In her conclusion, Worthen suggest that the “evangelical mind” is a misnomer, but not because many evangelicals are not disciplined and serious thinkers. There is no “evangelical mind” because evangelicals are so diverse and divided and because evangelicals have not arrived at any coherent intellectual response to either the Enlightenment or postmodernity. Instead, we are left with an “evangelical imagination,” a “sphere of discourse” that “has been both an aid to intellectual life and an agent of anti-intellectual sabotage.” Above all, she posits, the evangelical imagination “is a source of energy: energy that propels evangelism, institution-building, activism, care for the suffering, and a sincere passion for intellectual inquiry.” Thus, despite its “anti-intellectual strain,” the evangelical imagination “has proven, over time, to be a kind of genius.” It’s a rather sunny conclusion to a rather damning assessment of the neo-evangelical intellectual project.

I never tire of the history of neo-evangelicalism. It’s a story of larger-than-life personalities with out-sized goals, excessive bravado, and considerable naiveté. One knows that there will be considerable heartache along the way and that the largest goals will never be met. And yet, these neo-evangelicals accomplished something that to observers of fundamentalists in the 1920s would have seemed utterly improbable. For me, this story is an area of both academic and personal interest. Having grown up with one foot in the world of parachurch evangelicalism (Young Life and InterVarsity) and encountered through books at least some of the figures in books such as Worthen’s, I always feel a keen interest in my spiritual ancestry.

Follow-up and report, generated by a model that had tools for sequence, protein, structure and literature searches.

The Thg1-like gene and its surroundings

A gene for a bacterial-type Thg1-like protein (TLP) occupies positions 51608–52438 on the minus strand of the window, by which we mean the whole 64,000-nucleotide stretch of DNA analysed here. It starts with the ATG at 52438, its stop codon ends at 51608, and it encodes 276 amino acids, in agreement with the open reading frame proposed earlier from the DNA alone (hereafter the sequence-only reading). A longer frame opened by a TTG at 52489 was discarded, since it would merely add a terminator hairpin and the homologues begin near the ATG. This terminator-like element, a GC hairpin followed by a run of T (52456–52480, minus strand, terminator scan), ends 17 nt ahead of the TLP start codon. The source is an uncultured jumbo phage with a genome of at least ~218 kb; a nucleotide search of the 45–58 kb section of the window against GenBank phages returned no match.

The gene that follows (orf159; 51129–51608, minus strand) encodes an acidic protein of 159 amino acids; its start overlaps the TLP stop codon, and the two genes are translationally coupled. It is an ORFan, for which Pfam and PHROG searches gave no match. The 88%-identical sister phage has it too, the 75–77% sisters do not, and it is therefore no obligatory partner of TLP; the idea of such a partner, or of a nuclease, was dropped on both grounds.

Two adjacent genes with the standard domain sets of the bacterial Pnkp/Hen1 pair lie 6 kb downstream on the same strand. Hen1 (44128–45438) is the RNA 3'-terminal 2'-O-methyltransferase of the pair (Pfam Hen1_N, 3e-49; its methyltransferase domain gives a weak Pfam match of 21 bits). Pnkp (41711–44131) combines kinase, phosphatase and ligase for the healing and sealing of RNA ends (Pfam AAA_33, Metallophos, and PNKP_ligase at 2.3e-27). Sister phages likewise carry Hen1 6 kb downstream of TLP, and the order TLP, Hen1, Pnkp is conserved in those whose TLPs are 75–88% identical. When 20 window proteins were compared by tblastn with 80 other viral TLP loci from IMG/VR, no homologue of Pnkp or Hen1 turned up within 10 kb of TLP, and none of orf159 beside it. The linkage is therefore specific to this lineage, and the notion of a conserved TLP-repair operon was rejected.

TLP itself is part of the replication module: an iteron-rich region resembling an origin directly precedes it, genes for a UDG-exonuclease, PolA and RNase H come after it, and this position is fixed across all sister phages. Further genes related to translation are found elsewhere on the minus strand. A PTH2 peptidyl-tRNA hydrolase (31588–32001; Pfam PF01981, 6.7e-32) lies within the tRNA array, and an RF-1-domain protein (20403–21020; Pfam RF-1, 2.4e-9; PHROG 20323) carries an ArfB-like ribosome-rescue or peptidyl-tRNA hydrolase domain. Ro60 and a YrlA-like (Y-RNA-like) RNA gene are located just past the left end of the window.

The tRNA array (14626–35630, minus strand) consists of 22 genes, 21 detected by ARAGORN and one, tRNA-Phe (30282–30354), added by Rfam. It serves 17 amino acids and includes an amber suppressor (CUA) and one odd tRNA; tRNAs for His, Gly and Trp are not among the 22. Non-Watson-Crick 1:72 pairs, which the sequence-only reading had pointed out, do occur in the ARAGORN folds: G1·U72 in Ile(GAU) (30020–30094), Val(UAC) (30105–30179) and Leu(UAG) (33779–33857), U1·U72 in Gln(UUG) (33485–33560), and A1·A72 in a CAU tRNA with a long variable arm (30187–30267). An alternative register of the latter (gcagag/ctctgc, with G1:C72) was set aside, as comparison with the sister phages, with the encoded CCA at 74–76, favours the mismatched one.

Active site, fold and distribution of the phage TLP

Worthen’s diagnosis seems quite accurate, but I understand it as more of a Protestant problem than an evangelical or neo-evangelical one per se. As Worthen points out, Catholics and Mormons have found it much easier to found research universities. They have a tradition that provides some ballast. The shibboleth of sola scriptura has burdened Protestantism because it suggests that Christians really can proceed on the basis of the Bible alone. As Mark Noll expertly demonstrated in America’s God, it’s not quite so simple.

There’s no obvious or easy solution to the evangelical predicament (except a decision on the part of evangelicals to no longer be evangelicals, or perhaps to be Catholic or Orthodox evangelicals). However they define it, evangelical fealty to biblical authority prevents a wholehearted embrace of the presuppositions of either modernity or postmodernity. This is true whenever one accepts the authority of either revelation or tradition. But as long as one recognizes that dilemma, and faces it with both humility and hope, one can indeed wholeheartedly embrace the above-mentioned “aims of intellectual life.” None of those goals, after all, conflict with the evangelical goal of sharing the love of Jesus with a world starved for mercy and justice.

 

 

  • Miles Mullin

    Great review, John. I think Worthen’s assessment is pretty close and your caveats get even closer. I might (and have) argued that the necessity of conversion functioned as the center of the evangelical project, even if they did not realize it. In my estimation, inerrancy buttressed their commitment to “soul-winning,” not the other way around. (Even though they might explain it the other way around.) Great job!

  • http://youtube.com/user/BowmanFarm Brian Bowman

    Every author is an author-ity, casting a spell by spelling the Word.

    “…unless we recognize the magic of the written word, then we are simply under its spell.” ~Dr. David Abram | The Spell of Literacy
    childrenofthecode.org/interviews/abram.htm
    ·